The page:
Applicants aged 17 and over applying for a temporary entry class visa must obtain a police or similar certificate from their country of citizenship; and from any country in which they have lived for five or more years (whether on one visit or intermittently) since attaining the age of 17 years.
In most cases, the length of the visa depends on the length of your course, and also the financial evidence to confirm your living expenses. If you only offer 9 months worth of living expenses in support of an 8 month Level 5 course, you will only receive a 9 month student visa.
However, certain personal circumstances may affect the length of your visa as well. Most common one is your passport expiry date – we cannot grant a visa which is beyond the expiry date of your passport. Your student visa will have to expire before your passport does. Therefore, if you are in this situation, you will have to renew your passport and then apply for a new student visa, if you wish to continue studying.
Yes. International students now have more opportunities to gain work experience while studying. It may also be possible for students to work in New Zealand after they have completed their studies.
Students are allowed to work for 20 hours per week and during holidays within the academic year as long as they are undertaking a full-time course of study in New Zealand (see Instructions U7.15.5). Usually this refers to NZQA Level 5 or higher diploma courses.
Yes. If you wish to attend a different course or a different institute than the one your student visa is granted for, you must apply for a Variation of Conditions on your visa first. Please note that this process will not change the expiry date on your current visa. If your visa will be expiring soon, you may prefer to apply for a whole new student visa instead.
For more information about Variation of Conditions please refer to student page of the Immigration website and Instructions U7.5.
Dependent children of work visa holders may be granted student visa unless the work visa holder has been granted under any of the following categories:
Dependent children include:
No, if you are applying for a student visa as a dependent child of long term visa worker, evidence of enrolment is not required.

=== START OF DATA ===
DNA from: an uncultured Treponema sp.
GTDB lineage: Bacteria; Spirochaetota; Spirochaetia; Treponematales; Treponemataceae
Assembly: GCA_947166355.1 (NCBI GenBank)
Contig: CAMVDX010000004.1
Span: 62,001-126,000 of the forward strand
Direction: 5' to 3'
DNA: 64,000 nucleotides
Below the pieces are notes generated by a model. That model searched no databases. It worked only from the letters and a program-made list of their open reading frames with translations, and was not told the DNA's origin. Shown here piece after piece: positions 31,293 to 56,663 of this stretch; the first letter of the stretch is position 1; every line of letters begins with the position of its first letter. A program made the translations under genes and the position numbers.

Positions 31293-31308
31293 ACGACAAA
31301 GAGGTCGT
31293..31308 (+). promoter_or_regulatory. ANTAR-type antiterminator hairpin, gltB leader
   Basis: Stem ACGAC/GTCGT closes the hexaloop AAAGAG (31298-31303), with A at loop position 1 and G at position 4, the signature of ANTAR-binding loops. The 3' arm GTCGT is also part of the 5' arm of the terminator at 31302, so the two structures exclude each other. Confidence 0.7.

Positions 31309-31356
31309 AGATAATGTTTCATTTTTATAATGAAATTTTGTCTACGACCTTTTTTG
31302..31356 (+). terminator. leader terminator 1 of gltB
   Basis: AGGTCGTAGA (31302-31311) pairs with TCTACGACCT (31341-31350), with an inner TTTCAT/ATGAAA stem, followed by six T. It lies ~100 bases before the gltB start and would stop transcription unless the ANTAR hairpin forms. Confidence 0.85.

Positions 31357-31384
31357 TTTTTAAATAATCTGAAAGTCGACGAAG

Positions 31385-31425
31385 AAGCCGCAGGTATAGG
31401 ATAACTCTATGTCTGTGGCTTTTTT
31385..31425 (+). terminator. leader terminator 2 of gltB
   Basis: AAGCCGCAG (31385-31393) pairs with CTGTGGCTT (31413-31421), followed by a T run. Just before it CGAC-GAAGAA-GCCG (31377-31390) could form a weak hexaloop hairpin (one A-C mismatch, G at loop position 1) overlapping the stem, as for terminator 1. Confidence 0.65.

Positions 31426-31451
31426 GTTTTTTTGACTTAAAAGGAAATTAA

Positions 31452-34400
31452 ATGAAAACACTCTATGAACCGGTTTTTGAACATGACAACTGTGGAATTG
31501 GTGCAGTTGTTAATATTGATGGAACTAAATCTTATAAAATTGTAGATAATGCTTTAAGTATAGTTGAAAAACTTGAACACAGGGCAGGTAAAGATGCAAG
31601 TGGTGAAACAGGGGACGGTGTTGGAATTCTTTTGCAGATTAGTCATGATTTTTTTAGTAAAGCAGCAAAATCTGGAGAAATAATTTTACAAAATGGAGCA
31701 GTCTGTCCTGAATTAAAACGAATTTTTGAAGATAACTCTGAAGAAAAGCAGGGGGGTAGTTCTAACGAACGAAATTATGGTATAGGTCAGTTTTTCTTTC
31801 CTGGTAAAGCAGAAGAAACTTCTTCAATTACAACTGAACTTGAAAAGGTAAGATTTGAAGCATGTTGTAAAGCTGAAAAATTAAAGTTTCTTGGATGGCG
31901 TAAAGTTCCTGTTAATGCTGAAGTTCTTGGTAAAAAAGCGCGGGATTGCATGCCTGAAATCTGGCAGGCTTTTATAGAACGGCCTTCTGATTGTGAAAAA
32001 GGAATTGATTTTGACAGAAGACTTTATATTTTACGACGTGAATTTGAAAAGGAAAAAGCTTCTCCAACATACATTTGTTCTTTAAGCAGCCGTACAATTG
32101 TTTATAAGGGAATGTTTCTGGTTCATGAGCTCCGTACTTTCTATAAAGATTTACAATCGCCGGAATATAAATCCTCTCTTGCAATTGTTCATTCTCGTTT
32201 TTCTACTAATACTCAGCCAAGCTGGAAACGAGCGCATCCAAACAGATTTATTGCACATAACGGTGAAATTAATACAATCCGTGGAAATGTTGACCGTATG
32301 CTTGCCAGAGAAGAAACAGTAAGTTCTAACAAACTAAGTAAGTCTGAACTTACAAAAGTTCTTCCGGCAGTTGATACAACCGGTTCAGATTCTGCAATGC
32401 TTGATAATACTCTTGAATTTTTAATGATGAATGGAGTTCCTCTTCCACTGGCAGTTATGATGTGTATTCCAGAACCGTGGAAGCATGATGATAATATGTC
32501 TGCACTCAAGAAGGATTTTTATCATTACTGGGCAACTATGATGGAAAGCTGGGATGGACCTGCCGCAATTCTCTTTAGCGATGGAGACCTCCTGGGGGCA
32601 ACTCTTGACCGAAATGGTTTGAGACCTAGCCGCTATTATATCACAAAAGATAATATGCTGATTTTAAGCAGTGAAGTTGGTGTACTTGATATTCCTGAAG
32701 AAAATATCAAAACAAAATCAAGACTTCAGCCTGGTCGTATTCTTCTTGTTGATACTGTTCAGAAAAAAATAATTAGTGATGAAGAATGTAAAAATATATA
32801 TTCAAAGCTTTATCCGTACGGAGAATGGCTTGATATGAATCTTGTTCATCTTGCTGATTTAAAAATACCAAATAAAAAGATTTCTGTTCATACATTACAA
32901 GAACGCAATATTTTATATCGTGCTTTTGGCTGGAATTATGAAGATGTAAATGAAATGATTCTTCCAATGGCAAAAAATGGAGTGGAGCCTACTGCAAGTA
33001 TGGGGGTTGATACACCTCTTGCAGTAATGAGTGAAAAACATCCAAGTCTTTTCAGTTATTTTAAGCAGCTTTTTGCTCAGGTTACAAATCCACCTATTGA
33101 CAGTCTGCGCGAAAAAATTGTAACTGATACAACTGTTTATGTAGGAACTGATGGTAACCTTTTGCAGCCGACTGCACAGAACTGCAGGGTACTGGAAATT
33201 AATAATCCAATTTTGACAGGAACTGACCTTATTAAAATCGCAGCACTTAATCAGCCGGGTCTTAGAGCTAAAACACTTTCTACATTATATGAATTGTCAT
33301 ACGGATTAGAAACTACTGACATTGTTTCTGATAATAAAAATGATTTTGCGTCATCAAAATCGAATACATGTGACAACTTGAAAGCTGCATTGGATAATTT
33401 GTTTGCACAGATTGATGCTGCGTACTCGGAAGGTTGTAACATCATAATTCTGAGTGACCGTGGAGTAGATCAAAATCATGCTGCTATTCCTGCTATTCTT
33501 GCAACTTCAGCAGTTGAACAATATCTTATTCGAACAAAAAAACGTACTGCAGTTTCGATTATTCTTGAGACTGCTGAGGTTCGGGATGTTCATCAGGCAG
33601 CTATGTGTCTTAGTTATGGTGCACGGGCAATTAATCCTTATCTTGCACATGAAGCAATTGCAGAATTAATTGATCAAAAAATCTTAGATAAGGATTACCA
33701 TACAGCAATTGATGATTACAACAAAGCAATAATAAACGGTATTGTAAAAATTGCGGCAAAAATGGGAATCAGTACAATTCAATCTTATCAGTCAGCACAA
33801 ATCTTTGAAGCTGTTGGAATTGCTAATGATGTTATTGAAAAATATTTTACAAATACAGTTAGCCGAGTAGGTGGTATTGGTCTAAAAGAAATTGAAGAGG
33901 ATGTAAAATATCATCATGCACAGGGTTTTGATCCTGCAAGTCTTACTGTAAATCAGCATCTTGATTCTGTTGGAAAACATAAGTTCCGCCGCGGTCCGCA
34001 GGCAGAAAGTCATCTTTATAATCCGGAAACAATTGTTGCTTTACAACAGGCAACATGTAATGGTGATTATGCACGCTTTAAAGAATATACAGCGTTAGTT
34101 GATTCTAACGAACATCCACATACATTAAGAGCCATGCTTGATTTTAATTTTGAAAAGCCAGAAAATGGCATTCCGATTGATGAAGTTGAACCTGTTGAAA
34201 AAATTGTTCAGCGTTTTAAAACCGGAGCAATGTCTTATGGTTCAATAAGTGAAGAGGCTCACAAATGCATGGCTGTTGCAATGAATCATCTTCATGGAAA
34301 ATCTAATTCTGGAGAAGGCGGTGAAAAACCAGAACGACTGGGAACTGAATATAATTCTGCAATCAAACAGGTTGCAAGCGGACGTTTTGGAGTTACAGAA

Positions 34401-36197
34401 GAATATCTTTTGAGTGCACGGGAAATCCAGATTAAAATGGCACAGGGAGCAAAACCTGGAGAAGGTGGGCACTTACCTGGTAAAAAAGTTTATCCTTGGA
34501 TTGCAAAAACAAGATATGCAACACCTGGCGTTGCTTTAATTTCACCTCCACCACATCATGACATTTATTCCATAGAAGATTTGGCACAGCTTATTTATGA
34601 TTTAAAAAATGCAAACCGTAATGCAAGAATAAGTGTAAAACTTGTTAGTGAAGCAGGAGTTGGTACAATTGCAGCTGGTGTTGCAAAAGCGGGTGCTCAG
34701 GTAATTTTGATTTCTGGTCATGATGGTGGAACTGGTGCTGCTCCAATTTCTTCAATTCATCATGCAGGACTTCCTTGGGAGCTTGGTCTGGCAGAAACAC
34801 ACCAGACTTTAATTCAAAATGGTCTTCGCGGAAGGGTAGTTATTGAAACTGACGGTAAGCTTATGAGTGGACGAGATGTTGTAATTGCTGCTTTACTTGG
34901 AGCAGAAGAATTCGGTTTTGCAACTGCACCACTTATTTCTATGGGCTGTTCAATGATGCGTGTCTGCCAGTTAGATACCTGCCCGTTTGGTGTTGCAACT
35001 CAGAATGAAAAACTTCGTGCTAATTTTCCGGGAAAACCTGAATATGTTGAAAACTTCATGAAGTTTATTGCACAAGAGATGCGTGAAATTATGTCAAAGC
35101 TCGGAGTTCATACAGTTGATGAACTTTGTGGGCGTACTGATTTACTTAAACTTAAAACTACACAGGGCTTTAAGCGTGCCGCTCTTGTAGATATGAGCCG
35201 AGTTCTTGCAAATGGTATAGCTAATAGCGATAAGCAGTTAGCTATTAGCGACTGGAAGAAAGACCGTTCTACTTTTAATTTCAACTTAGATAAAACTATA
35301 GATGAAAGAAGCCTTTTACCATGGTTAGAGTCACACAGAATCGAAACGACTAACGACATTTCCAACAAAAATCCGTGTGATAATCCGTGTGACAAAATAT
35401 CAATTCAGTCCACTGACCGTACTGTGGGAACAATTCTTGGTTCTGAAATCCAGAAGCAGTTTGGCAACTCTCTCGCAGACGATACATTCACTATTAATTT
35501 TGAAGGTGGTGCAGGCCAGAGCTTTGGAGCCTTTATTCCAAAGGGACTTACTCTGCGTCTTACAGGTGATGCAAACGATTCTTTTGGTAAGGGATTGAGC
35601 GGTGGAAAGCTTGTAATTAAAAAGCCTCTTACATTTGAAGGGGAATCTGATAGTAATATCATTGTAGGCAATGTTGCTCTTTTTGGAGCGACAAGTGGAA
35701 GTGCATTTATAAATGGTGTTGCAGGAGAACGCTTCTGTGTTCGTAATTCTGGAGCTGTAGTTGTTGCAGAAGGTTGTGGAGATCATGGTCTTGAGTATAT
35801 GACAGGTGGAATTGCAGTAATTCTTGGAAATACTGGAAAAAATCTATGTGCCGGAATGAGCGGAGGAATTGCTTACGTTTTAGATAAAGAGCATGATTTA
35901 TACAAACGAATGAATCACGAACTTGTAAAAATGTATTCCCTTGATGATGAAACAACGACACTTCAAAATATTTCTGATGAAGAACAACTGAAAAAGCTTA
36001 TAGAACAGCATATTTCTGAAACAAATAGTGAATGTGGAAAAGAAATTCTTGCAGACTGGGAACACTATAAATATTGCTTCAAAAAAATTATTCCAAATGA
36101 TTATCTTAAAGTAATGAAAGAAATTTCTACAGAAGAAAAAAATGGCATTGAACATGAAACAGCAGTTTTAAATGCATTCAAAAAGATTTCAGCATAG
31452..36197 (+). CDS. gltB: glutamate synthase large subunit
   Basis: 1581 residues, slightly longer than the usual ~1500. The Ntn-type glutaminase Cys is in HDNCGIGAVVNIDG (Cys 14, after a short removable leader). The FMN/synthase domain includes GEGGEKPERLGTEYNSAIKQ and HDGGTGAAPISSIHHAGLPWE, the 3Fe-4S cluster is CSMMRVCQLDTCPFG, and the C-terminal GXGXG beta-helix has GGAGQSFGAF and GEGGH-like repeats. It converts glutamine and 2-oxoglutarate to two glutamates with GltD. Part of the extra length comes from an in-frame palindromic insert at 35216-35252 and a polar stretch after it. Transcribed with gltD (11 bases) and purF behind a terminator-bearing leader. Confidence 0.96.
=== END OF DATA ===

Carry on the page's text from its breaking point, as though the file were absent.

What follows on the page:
Dependent children of holders of work visas granted under the Essential Skills work instructions after 30 November 2009.
However, dependent children are not required to be assessed against the Essential Skills minimum income threshold if their parent/s:
The minimum income threshold is $35,019 gross per annum and it must be met and maintained wholly by the salary or wages of a parent or parents holding an Essential Skills work visa.
The following are considered to be domestic students for the purposes of attending primary and secondary schools and are exempt from paying foreign course fees(See Instructions U3.35.5):
No, only the following applicants who are attending an educational provider in the tertiary sector are considered as domestic students and are exempt from paying foreign course fees for foreign students (See Instructions U3.35.20):
Yes, if you have a residence class visa application which is already under consideration in New Zealand.
No, if you do not have any residence application under consideration and since your course is already at the tertiary level, you must apply under full-fee paying category.
As per Instructions U3.30, a legal guardian is the person with legal right and responsibility to provide for the care of an international student and the person who provides for the care of the student in the student’s home country. This includes adoptive parents, a court-appointed guardian or testamentary guardian.
A parent can name a person in their will to be a guardian if that parent dies. This person is known as a testamentary guardian. A testamentary guardian does not have the right to custody of the child but they do have the right (along with any other guardian if alive) to control the upbringing of the child or children under their guardianship. The role of the testamentary guardian does not include the financial support of a child.
Students enrolled in Years 1 to 8 and students aged 13 years and under will be given a visa which requires them to be living with their legal guardian in New Zealand, unless